3. Link information to visual cues. Often it's easier to remember a place or an image and its characteristics, than it is to recall a set of unfamiliar pieces of information. To memorize the information, you can try taking an item from the list and associating it in your mind with a picture or place that you know well.
For example, let's say you need to memorize the presidents of the United States since World War II. You could associate each of the presidents with a place you know well, such as your front porch:
Sitting on the steps
Knocking at the front door
Swinging on a porch swing
Standing at the mailbox
Ringing the doorbell
Sitting in a wicker chair
Standing under the porch light
Standing on the right
Sitting at a table
Standing on the left
To reinforce this, you could draw a sketch of your porch, and note on it the location of each president. This technique is so powerful that you might find yourself thinking of the presidents the next time you go to your porch.
4. Read with a purpose. Many psychologists think that the best way to remember what you read is to follow the PQ4R method. PQ4R is a mnemonic device for Preview, Question, and four R's: Read, Reflect, Recite, Review.
If you are reading a chapter in your biology book, for example, you should start by skimming the whole chapter for an overview. Then create some questions to concentrate on while you study, such as "How does photosynthesis work?" Then read the chapter.
After you've finished, reflect--think about how the chapter has answered your questions. Recite the answers back to yourself, explaining the information in your own words. Finally, go back through the book, skimming again for the main points.
Sound like a lot of work? It may take longer than a quick skim, but it's also a great way to make sure you retain what you are reading, rather than just sitting in front of the book and turning pages.
Wednesday, November 02, 2005
Tuesday, October 25, 2005
As my husband, country-music artist Brad Paisley, whizzed past the third gas station in a row on a dark Nashville night, trying to find the new restaurant we wanted to try, I became convinced that there really are fundamental differences in the way men and women live their day-to-day lives. Even though I had repeatedly asked Brad to stop and get directions, he refused. Why wouldn't he stop? It makes perfect sense to do so -- it would save time, gasoline and frustration. Then it dawned on me that if I could just figure out the underlying cause of men's most puzzling habits, I could learn how to better understand my strange and wonderful husband.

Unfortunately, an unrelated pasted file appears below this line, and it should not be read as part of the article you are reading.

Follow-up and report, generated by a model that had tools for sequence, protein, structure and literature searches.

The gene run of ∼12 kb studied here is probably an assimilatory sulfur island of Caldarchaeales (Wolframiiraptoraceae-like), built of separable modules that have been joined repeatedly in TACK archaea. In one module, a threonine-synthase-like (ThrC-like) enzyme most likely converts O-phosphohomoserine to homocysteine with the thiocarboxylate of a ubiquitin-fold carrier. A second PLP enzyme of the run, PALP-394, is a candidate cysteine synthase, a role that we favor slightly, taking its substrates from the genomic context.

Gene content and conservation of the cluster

"It's just up here," Brad said, his eyes searching the road. And then he made another U-turn. Why won't guys ever admit that they don't know where they are -- or where they're going?
This comes down to men always wanting to be in control. They hate to admit when they're not. I also suspect Brad enjoys adventure more than any kind of schedule I may be trying to keep him to, and he doesn't mind just a hint of dark-night danger.
How is a wife to deal? First, learn to appreciate the subtext. I enjoy the boy in Brad who doesn't mind a little exploration, and I love the man who wants to be in charge. But also be practical. I now surreptitiously tuck a map into my bag and sneak peeks at it when Brad's driving trips leave us going in circles. While I don't want to offend his male ego, I do want to end up at our destination sooner rather than later.
Once we finally get to a restaurant and sit down, Brad likes to have free rein of the table. His elbows often invade my elbow space, and he sometimes acts as though there is a competition going on between the food on my plate and the food on his plate (and it has nothing to do with taste). This could also be about men craving competition even when there is no sport involved. Brad often samples what's on my plate before even looking at what's on his. Only after he's made an assessment of my choice does he try his own. Usually, he continues to eat from both our plates during the course of the meal. It's as if he wants to make sure there's nothing he's missing out on. My friend Laura suggests this is because guys are never truly satisfied with what they have. Or perhaps it's a way to get the lay of the land (again, without a map). This is a different kind of control.
When my husband first started stealing my food, I tried to eat faster so I could get my fill before he'd finished a good portion of it. Occasionally, I ordered things I knew he didn't like -- extra veggies, tofu. But then he started liking those things. Now I just eat what I can off his plate (and I find it does sometimes mysteriously taste better when it's not my own dish). Oftentimes Brad isn't even aware he's consuming my meal until I point it out to him. Ultimately, I try to remember to be thankful, whenever possible, that Brad and I are just getting to have dinner together.